Katie Keith from Barn2 joins the podcast to discuss her recents success running a WordPress & WooCommerce plugin business.
- Transitioning from client services to product business takes forethought about your ideal lifestyle and abilities.
- Know if you want to manage a team before diving in. Build a remote team culture by regularly checking in, being flexible, and celebrating shared wins – not just revenue goals.
- SEO success requires a balance between optimization best practices and creating content real humans love. Don’t over-optimize.
- Consider both logic and marketing impact before splitting brands and websites. Domain authority has tangible value.
- Providing bundled offerings can ease plugin pricing fatigue for customers with diverse needs.YouTube and content marketing are powerful sales drivers.
- Invest in what already works for your business.
- 0:00 Intro
- 1:00 Katie’s background
- 3:00 Transitioning from agency to product company
- 8:00 Remote team culture
- 10:30 SEO strategies
- 13:00 Document Library Pro success
- 15:00 Evaluating business models
- 17:00 The state of WooCommerce
- 21:00 Matt’s SEO frustrations
- 23:00 Marketing through content
- 25:30 Plugin pricing and bundles
- 28:00 Lifetime licenses debate
- 31:00 Podcasting strategies
- 35:00 Investing in YouTube
- Barn2 Plugins – https://barn2.com
- WP Product Talk Podcast
- Ellipsis Marketing
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[00:01:01] Matt: Hey katie. Welcome to the program
[00:01:03] Katie: Hey, thanks for having me.
[00:01:06] Matt: katie keith barn2. com was it barn2plugins. com at one point. Did you have that domain?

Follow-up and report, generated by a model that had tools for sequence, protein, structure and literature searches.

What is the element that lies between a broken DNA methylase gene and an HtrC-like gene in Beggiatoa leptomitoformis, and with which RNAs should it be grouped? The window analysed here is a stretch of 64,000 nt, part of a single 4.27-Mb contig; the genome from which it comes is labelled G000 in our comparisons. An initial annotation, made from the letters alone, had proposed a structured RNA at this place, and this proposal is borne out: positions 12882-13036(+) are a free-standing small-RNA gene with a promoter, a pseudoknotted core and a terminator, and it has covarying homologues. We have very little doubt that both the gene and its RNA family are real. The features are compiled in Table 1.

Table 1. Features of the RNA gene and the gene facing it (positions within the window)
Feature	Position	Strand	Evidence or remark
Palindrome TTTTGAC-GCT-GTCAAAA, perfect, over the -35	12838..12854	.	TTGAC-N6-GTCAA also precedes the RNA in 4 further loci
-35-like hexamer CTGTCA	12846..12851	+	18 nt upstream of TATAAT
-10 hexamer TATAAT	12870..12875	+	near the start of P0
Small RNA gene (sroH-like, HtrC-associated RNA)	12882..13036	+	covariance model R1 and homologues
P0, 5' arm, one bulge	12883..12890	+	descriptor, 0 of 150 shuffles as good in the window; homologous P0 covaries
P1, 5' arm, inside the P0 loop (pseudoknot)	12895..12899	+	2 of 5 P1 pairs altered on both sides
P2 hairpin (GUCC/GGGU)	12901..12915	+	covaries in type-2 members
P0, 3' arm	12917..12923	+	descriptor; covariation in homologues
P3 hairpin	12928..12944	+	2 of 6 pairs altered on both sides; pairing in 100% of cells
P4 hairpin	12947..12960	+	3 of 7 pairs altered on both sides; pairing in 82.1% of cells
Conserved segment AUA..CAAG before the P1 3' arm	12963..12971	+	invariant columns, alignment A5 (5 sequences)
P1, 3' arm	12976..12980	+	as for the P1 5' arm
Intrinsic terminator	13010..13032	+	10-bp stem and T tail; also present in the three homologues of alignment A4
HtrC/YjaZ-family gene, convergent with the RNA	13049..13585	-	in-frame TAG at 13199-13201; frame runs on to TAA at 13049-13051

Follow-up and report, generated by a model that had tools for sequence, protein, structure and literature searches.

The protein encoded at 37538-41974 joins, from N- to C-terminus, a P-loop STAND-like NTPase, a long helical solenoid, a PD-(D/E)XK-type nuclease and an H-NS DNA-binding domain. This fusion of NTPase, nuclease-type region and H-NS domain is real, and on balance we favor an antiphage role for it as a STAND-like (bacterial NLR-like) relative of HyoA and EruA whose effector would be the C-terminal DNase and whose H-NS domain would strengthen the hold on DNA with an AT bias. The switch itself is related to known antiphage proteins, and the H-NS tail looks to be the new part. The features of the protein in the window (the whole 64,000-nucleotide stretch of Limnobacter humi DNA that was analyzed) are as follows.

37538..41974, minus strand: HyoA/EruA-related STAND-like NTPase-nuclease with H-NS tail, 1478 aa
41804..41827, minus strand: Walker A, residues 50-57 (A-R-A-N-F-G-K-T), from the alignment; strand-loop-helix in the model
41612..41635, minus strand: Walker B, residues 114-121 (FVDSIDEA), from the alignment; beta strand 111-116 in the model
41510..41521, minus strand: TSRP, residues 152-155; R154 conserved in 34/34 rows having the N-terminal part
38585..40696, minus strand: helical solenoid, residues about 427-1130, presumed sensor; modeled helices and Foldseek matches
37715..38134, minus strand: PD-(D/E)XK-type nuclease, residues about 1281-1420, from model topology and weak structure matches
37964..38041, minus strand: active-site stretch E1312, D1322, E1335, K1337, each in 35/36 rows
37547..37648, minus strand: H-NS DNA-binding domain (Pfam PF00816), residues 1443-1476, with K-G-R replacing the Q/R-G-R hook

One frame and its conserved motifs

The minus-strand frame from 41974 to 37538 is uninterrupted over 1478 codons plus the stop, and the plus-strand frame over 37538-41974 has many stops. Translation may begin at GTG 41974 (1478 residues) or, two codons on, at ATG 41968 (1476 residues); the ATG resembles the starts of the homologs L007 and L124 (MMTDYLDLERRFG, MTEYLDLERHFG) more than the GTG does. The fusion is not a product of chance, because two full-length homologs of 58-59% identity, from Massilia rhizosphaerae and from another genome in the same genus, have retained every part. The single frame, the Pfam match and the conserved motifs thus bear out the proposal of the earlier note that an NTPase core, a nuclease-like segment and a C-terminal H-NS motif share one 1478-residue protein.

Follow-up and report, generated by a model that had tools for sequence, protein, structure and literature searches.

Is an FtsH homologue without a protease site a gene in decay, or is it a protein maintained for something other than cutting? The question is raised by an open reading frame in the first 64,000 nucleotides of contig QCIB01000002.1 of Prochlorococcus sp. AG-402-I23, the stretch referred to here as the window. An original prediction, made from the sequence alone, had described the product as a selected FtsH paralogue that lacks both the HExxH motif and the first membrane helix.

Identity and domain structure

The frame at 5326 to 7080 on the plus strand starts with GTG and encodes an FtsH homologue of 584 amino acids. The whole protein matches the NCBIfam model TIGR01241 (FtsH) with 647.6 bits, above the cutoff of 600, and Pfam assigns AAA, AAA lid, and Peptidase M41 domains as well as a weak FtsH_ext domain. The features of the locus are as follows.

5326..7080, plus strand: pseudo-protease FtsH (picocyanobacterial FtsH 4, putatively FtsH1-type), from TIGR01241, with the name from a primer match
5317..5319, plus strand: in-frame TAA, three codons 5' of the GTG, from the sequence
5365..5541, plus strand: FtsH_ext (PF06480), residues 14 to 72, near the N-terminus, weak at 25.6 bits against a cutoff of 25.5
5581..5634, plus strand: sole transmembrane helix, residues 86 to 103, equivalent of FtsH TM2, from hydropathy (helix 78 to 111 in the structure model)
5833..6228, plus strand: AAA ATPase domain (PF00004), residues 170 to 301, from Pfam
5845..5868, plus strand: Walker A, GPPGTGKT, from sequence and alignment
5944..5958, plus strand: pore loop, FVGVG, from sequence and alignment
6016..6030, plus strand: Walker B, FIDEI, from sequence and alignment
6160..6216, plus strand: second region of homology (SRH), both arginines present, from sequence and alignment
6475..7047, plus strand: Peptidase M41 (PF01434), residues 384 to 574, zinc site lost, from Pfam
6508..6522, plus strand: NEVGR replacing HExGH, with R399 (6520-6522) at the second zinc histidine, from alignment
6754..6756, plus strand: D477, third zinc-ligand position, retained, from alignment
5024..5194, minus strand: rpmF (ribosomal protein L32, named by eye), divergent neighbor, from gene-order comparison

[00:01:13] Katie: I think we own it. We never used it. We were barn2. co. uk, which was very short sighted of us, not realizing we would end up going global. So then we switched to com.
[00:01:26] Matt: and then your brand name, Barn 2 Plugins, I, you know, as I talk about you in the space and other folks have referenced you, they always just say Barn 2. Do you like Barn 2 or do you go Barn 2 Plugins as the whole brand name?
[00:01:39] Katie: I’m kind of happy with either. It’s about context, really. So if people know us Bhan2, if they don’t know we’re a plug in company, then I’ll say Bhan2 Plugins. So, for example, if we were sponsoring a WordCamp, then the logo on the front would have plug ins, because that tells them we’re a plug in company.
[00:01:57] Matt: Very cool. so look, I, you’ve had this. meteoric rise in WordPress media fame, right? You’ve been on, you do more WordPress podcasts than I do. I see you in every video, every summit that’s happening. I want to dive into that strategy, but I’m curious, what does the legacy of Katie Keith look like to you when you’re operating this business, seemingly growing, having a very strong opinion on WordPress WooCommerce development?
[00:02:29] business in general. Do you ever stop and evaluate what that legacy looks like for you?
[00:02:37] Katie: I am not really great at having long term strategies. I kind of try to maximize things either way, like I don’t know what I want to do in a few years. I know I don’t want to be acquired in the near future, but longer term, I don’t know if I want to keep running the business, pass it to my daughter.
[00:02:56] So when I, if I want to retire early in a few years, maybe when my daughter is ready to leave home, which is six years away, I genuinely don’t know. So I suppose I’m working at the moment to make it as successful as I can do, with all of those goals in mind, because actually the path to all of those goals is fairly consistent.
[00:03:17] If you think about it, it’s maximizing value of the company, the profile, and in the short term, sales.